I was having drinks this weekend with another smart, gorgeous, 30-something Gal and at some point she remarked how much she was like her mom. What was really interesting was the way she said it – not in the typical “what am I going to do, the world is ending” groan, but in a really pleased, self assured tone that said “and I’m really proud of that”.
That got me thinking. In our early twenties, coming into our own fabulousity, none of my girlfriends would have been caught dead admitting she was like her mother – much less being pleased with it. But now it seemed un-escapable – we do become our mothers, it’s just absurd that we didn’t see it coming!
My own transformation is undeniable. Not only is there a strong physical resemblance, but our habits, our talents and even our downfalls are eerily familiar. Now keep in mind we’re talking about a woman who stockpiles toilet paper. Almost to an apocalyptic degree. It is a source of total amusement to my brother and I – it seems like she picks some up every time she goes to the store. Though in her defense, when asked why she bought yet more TP, her response is always “Well, you don’t want to run out, do you?” Um, no. Good point.
If I stop to think about it, the list of similarities is quite long. We wear the same lipstick shade, the same nail polish looks good on us. We both had a phase with Guerlain’s Shalimar perfume in our early twenties. We have the same crooked toes. We’ve suffered the same illnesses and share a mutual love for Ambien. We share a perfect black dress, passing it back and forth for events. We both love to be in the kitchen and tend to show our love for others by cooking for them. We both like to keep a stash of candy around the house. When my issue of House Beautiful shows up, I read it quickly and share it with her and she returns the favor with her Bon Appetit. I’ve watched my mother read for years and she absentmindedly holds her fingers up to her lips. I can’t tell you how many times I’ve caught myself doing it too. And we can both deliver a brutal tongue lashing when we’re peeved. Don’t say you weren’t warned…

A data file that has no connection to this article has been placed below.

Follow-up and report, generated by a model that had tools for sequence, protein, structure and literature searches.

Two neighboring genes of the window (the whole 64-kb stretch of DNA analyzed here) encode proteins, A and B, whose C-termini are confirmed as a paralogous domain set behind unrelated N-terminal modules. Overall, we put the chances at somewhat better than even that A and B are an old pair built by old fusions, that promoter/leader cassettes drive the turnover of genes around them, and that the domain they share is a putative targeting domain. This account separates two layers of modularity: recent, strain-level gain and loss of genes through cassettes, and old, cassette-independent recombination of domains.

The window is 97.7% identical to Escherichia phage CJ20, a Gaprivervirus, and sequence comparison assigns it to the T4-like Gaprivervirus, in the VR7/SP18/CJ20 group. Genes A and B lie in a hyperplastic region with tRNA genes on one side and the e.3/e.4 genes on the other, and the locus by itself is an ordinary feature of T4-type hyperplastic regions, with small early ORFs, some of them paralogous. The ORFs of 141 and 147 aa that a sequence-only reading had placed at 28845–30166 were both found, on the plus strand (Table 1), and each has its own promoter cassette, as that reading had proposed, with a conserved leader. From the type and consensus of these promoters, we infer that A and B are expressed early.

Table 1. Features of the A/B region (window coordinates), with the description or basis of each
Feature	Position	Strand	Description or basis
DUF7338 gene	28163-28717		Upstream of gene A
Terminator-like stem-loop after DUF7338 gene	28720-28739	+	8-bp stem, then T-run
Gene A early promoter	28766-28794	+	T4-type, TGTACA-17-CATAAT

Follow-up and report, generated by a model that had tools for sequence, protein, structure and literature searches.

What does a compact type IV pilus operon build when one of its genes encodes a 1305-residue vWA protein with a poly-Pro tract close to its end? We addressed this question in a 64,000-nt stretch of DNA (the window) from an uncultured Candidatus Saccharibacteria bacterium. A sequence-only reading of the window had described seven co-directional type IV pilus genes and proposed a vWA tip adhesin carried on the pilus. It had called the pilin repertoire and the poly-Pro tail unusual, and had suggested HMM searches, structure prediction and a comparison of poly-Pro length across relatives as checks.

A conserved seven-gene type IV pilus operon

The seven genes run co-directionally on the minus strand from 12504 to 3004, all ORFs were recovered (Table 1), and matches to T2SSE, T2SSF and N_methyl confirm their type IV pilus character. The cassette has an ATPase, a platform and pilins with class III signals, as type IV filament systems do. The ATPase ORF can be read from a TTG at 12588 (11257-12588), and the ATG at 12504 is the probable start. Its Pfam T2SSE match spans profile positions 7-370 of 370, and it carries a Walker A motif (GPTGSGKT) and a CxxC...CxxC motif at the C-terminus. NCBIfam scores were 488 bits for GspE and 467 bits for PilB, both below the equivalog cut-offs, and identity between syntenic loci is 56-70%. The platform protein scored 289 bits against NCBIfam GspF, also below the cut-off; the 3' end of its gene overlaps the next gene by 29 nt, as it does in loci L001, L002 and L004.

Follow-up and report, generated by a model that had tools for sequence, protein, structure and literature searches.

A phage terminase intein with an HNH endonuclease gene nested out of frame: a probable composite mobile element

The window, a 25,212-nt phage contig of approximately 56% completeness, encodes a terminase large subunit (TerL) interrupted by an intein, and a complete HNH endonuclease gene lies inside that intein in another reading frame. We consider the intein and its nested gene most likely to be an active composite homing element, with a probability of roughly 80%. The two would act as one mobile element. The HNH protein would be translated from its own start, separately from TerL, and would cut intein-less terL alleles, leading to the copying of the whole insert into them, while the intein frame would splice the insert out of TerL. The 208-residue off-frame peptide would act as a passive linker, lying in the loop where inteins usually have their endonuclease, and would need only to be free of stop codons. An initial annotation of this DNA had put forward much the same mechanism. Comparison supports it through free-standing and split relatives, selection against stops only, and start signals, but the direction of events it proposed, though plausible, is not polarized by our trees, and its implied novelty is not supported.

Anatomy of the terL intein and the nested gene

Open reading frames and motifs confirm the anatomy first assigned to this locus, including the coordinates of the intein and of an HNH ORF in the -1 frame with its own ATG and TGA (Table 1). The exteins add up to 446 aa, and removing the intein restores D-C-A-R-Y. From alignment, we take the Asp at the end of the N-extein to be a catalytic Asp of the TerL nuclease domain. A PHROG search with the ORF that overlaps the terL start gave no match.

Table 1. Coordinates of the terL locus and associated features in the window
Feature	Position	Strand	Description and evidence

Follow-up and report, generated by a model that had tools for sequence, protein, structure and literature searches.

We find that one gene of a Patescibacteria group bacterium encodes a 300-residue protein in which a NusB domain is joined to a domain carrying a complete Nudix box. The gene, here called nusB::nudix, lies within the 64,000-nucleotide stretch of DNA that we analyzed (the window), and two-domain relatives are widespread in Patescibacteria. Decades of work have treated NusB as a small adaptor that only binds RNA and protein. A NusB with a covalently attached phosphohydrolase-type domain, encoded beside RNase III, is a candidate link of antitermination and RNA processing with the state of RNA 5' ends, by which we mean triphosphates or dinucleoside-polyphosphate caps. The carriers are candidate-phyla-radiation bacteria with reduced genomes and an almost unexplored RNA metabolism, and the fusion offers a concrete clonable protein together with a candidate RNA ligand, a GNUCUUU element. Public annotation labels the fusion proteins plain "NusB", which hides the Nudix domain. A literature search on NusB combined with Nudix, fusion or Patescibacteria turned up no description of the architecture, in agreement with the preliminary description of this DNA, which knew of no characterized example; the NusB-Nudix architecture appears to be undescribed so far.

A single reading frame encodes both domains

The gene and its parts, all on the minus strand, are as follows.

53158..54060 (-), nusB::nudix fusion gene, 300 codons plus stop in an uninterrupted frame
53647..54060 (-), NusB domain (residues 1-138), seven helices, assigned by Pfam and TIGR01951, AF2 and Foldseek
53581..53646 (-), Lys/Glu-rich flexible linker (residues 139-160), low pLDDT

And then there is the list of things my mother knew long ago about us that I’m just realizing. She made me wait to get my ears pierced until long after my friends’ had theirs done. She seemed to think it was over-hyped. And today? I rarely even wear earrings. I wasn’t allowed to perm my hair, because it would “ruin” it, to my eternal despair, and yet these days I don’t even like to blow it dry for fear of damage and my healthy, straight hair is my most complimented feature. The oddest trait I’ve embraced? When we were young and my mom would drive us around, no one was allowed to remove their seatbelt before the car was turned off. Even in the driveway. We always thought it was ridiculous – after all, it’s not like we were going to fall out of the car going 2 mph. And then last week it happened. I was driving around town with a pal and as we pulled up to the house he popped his seatbelt. And I lost my mind. “Are you crazy? Don’t take off your seatbelt until we’ve stopped!” I screeched. The expression on his face was priceless. Like looking in a mirror at my twelve year-old self.
So yeah, I’m turning into my mother & so are you. But just think – our moms hooked our dads, so it can’t be all bad, right?
Now if you’ll excuse me, I need to go pick up some toilet paper. You know, just in case.
p.s. - This is my 100th post! Thanks for reading.